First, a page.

tripartite National Interest Reconciliation Council (Országos
    Érdekegyeztető Tanács, OÉT) sets annually the national minimum wage and
    issues to lower-level bargaining parties a recommendation for wage increases.
    The annual round of negotiations between the government, employers’
    associations and trade unions is one of the key fields for the social
    partners to influence macroeconomic and labour market processes (HU0502105F
    [1]).

    [1] www.eurofound.europa.eu/ef/observatories/eurwork/articles/activities-of-national-tripartite-body-in-2004-reviewed

  • Article
    9 Januar 2006

    The European Commission has designated 2006 as the European Year of
    workers’ mobility. The Commission hopes to use this Year of workers’
    mobility to highlight the importance of encouraging and enhancing the
    mobility of workers in the EU, stressing the benefits that this can bring to
    workers and the European economy in general. It also hopes to stimulate
    debate on the benefits and challenges to individual workers of changing jobs
    and/or working abroad.

  • Article
    9 Januar 2006

    At the beginning of December 2005, state secretary Alfred Finz of the
    conservative People’s Party (Österreichische Volkspartei, ÖVP) announced
    the government’s willingness to abolish the traditional public employment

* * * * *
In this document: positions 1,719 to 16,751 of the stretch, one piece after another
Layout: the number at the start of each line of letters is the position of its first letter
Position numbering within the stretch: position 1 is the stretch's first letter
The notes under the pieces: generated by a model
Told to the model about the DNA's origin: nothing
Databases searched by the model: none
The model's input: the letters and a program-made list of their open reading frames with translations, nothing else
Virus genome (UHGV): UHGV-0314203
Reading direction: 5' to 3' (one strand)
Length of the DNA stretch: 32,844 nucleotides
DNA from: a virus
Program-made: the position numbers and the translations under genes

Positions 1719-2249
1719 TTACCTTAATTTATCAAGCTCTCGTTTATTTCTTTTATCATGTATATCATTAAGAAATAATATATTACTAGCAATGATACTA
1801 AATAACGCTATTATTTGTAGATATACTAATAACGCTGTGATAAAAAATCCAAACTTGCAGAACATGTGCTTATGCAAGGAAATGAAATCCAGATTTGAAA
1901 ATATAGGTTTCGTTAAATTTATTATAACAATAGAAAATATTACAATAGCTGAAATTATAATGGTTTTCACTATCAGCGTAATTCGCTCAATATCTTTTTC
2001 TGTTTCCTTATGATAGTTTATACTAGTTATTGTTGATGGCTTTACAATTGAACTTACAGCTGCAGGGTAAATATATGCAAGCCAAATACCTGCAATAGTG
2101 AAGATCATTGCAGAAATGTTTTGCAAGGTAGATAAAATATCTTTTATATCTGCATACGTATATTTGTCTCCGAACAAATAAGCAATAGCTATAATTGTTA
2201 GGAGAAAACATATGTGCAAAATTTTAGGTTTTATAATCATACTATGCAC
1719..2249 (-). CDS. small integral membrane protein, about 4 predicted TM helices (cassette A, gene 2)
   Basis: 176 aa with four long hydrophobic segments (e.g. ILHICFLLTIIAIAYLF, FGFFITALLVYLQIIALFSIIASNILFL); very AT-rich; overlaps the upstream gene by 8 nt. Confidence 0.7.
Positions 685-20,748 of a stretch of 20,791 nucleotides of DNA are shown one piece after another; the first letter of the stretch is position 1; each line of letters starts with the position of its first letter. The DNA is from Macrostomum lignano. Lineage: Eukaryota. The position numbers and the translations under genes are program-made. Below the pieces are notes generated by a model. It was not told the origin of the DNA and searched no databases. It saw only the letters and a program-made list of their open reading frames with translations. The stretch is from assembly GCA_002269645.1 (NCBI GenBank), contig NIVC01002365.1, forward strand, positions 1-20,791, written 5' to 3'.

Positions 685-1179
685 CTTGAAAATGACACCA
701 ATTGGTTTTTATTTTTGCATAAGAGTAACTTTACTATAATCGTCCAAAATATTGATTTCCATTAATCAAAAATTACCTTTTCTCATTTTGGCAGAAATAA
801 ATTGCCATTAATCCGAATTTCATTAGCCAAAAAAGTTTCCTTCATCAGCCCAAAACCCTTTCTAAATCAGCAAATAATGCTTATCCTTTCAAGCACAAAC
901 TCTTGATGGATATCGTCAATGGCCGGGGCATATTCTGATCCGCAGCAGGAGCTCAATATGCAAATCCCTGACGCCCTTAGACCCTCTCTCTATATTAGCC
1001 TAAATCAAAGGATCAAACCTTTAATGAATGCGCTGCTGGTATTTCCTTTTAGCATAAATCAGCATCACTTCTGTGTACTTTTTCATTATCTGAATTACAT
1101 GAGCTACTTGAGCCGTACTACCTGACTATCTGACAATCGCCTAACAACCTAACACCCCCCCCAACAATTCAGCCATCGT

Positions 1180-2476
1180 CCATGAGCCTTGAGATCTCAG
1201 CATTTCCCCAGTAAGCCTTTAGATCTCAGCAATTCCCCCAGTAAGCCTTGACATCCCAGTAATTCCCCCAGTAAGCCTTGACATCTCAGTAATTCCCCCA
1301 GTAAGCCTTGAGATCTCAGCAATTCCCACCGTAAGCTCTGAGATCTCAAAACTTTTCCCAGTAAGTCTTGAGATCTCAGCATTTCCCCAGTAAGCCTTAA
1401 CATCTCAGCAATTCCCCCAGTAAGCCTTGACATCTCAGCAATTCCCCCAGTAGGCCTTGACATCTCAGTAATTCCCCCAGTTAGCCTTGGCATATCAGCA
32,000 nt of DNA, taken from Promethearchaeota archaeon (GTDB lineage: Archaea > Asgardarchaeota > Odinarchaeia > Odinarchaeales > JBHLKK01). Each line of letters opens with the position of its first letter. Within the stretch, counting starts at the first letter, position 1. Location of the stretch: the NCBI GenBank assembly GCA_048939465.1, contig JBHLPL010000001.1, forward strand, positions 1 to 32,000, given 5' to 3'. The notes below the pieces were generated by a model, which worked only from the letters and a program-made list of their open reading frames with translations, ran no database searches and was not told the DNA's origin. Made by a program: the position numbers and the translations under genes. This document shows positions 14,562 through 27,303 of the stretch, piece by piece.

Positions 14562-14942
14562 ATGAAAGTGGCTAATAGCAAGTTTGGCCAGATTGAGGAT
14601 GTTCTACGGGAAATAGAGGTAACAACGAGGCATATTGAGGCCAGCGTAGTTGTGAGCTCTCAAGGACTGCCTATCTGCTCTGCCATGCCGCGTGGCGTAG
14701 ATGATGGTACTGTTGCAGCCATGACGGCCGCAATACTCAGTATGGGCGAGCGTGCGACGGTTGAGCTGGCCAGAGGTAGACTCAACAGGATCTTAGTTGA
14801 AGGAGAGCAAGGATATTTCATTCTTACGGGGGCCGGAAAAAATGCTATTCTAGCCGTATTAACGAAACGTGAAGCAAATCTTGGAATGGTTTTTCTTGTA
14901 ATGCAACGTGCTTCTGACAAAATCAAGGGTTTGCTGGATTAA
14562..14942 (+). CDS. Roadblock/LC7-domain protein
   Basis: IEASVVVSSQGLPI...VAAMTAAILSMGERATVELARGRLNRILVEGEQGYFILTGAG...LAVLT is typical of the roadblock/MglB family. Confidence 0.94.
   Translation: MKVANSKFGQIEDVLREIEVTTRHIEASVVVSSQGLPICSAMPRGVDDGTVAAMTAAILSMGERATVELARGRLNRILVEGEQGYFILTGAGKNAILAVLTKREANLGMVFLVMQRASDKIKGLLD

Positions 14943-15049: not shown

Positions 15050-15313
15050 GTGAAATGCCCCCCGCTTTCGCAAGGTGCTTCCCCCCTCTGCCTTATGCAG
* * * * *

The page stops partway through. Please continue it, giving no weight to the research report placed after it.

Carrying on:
relationship of career public servants (Beamte). According to Mr Finz, the
    government plans to present a draft bill for a Federal Public Employees Act
    (Bundesmitarbeitergesetz) early in 2006. This draft will provide for only a
    single, uniform type of employment relationship between public employees and
    their employer. Thus, the current two-tier system in the civil service, which
    is based on a differentiation between career public servants and 'contract
    public employees' (Vertragsbedienstete) would be abolished (see below).

  • Article
    8 Januar 2006

    /Performing arts are classified within the broader sector of recreation,
    sports and culture. The first of three articles in the Sector Futures series
    on this sector delineates the performing arts industry sector and examines
    its market size, structure and nature of employment. It then discusses some
    of the main trends and drivers affecting the sector, as well as the principal
    issues and uncertainties related to performing arts./